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WEIGHT LOSS: A HOW-TO GUIDE

Keeping body trim helps his soul

June 09, 2008|Jeannine Stein

A basketball injury sidelined 39-year-old pastor Kerwin Manning in fall 2004. At 210 pounds, he had a less than ideal diet heavy on fatty and fast foods. Instead of packing on more pounds, he decided to take some off, via a 40-day, water-only fast.

Although a fast is radical and potentially risky (it should be undertaken only while in a physician's care), the extreme measure was just the impetus Manning needed. He lost 50 pounds and gained a new appreciation for how a healthy body can have positive influences on other aspects of life. He's maintained a 30-pound weight loss, and he encourages his congregation at Pasadena Church to eat healthfully and exercise. The church also has a Body and Soul Health Ministry.

Life-changing moment: "After I injured my knee, I knew I was going to need to have a pretty good physical regimen going. I also realized that I wanted to be around for the church and the community as long as I could. It was a turning point for me." Knowing that some church members have diabetes and kidney problems, he wanted to model a healthy lifestyle.

"Our church has made many changes in terms of lifestyle -- at meetings and gatherings we cut out fried chicken and foods that really plague our people. We began to speak on health and wellness. We brought in a nutritionist to talk to our congregation on a Sunday morning, and we followed that with a 5K run/walk."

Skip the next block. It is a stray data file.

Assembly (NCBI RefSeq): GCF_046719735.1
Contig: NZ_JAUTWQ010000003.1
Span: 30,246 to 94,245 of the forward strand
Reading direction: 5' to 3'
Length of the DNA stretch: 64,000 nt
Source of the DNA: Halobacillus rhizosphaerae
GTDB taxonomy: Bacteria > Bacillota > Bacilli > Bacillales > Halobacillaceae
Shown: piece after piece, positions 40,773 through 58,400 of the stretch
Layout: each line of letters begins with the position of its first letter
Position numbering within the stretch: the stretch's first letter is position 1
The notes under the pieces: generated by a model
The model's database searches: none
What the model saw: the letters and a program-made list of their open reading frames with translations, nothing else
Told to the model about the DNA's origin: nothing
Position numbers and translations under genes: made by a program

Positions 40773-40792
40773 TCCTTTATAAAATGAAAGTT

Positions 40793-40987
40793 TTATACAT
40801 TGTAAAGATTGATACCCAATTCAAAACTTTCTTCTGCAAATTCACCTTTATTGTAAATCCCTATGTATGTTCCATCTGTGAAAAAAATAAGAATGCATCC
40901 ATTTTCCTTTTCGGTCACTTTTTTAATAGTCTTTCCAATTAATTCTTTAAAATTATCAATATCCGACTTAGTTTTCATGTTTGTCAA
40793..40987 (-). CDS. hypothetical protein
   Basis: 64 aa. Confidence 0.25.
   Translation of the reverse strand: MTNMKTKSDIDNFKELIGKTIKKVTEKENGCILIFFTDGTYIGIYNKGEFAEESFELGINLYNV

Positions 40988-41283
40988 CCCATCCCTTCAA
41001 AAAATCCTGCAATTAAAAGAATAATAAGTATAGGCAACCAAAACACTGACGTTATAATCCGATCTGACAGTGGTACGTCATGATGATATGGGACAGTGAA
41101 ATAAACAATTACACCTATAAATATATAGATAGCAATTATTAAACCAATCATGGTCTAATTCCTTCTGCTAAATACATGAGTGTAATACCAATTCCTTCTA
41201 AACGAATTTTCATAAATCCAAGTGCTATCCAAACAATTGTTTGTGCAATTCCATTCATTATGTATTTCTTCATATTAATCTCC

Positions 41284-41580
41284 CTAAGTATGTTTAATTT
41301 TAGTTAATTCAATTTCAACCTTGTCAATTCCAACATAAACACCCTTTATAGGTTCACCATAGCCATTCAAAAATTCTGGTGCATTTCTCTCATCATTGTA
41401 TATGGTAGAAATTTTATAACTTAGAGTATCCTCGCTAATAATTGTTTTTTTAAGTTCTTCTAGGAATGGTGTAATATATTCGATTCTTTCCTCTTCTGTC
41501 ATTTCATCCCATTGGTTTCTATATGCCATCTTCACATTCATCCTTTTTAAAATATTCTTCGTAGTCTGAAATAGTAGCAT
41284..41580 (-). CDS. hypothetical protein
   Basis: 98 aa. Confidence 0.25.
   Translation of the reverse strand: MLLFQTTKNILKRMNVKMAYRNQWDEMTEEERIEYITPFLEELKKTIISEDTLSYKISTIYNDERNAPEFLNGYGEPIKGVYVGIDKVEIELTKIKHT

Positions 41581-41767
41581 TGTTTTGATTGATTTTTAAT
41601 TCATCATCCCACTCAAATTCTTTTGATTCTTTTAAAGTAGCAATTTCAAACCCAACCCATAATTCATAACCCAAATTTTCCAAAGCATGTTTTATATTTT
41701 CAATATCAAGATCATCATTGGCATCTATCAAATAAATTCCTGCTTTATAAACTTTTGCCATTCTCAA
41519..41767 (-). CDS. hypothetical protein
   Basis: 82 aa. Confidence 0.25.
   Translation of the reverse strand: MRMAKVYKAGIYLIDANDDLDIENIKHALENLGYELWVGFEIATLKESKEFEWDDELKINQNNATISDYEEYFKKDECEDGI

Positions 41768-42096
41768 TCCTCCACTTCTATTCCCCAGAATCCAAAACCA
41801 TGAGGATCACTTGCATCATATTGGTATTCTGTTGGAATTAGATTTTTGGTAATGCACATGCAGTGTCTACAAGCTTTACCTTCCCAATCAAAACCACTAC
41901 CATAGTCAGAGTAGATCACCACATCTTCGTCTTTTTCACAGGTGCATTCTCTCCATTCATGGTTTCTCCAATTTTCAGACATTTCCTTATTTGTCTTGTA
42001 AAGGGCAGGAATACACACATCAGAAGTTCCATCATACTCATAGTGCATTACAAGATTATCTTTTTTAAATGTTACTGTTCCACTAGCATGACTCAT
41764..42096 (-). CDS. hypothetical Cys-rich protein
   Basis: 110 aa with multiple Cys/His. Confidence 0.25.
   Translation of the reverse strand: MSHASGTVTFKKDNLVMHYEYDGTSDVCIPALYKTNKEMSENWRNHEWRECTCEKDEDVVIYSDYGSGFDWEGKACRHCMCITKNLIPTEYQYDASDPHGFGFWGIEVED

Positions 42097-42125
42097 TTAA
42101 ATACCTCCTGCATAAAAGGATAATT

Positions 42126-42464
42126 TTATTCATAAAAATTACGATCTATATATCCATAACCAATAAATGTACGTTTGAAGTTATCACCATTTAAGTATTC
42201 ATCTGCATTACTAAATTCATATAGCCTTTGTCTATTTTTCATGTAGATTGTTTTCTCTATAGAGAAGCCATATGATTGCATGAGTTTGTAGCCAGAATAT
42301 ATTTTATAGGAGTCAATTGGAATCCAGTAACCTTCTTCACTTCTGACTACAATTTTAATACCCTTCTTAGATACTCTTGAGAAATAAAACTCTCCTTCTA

What worked: Manning's diet used to be heavy on bread, pasta, pork, pancakes, fast food and Peach Snapple (he had cases of it). "I haven't had pork since 2004, and rarely do I eat a lot of pasta and breads," he says. "Now it's more healthy carbs." The Snapple has been replaced with water.

He also didn't exercise much outside of an occasional basketball game. "Now," Manning says, "I try to work out at least five to six days a week, some form of cardio and weights."

Lessons learned: "I learned that my body is a big part of the equation. Many times in the faith community we elevate the spirit -- and there's nothing wrong with that -- but often to the neglect of the body and the soul. I learned that I can't get to the spiritual things and be all that I've been called and created to do and be without this temple that God has given me to live in."

Manning takes time for introspection as well: "I'm setting aside time now to think and create and read, to build my mind, because they're all connected in the whole man."

Tips and tricks: "I'll be the first to admit that there are times when I haven't won the battle [against cravings]. But even when you fall short of your goals, be aware of it and don't fall into despair."

He adds that it's OK to say no to some foods or ask for smaller portions. "You just learn and condition yourself and after a while it's second nature. You don't even have to think about it."

The lowdown: "I made a resolve in my heart and mind that I wasn't going back. I guess ultimately you can say you don't know if it's gone for good, but when I step on the scale and there's a few pounds added, I get back in there because I've got to stay true to what I've committed to."

-- Jeannine Stein

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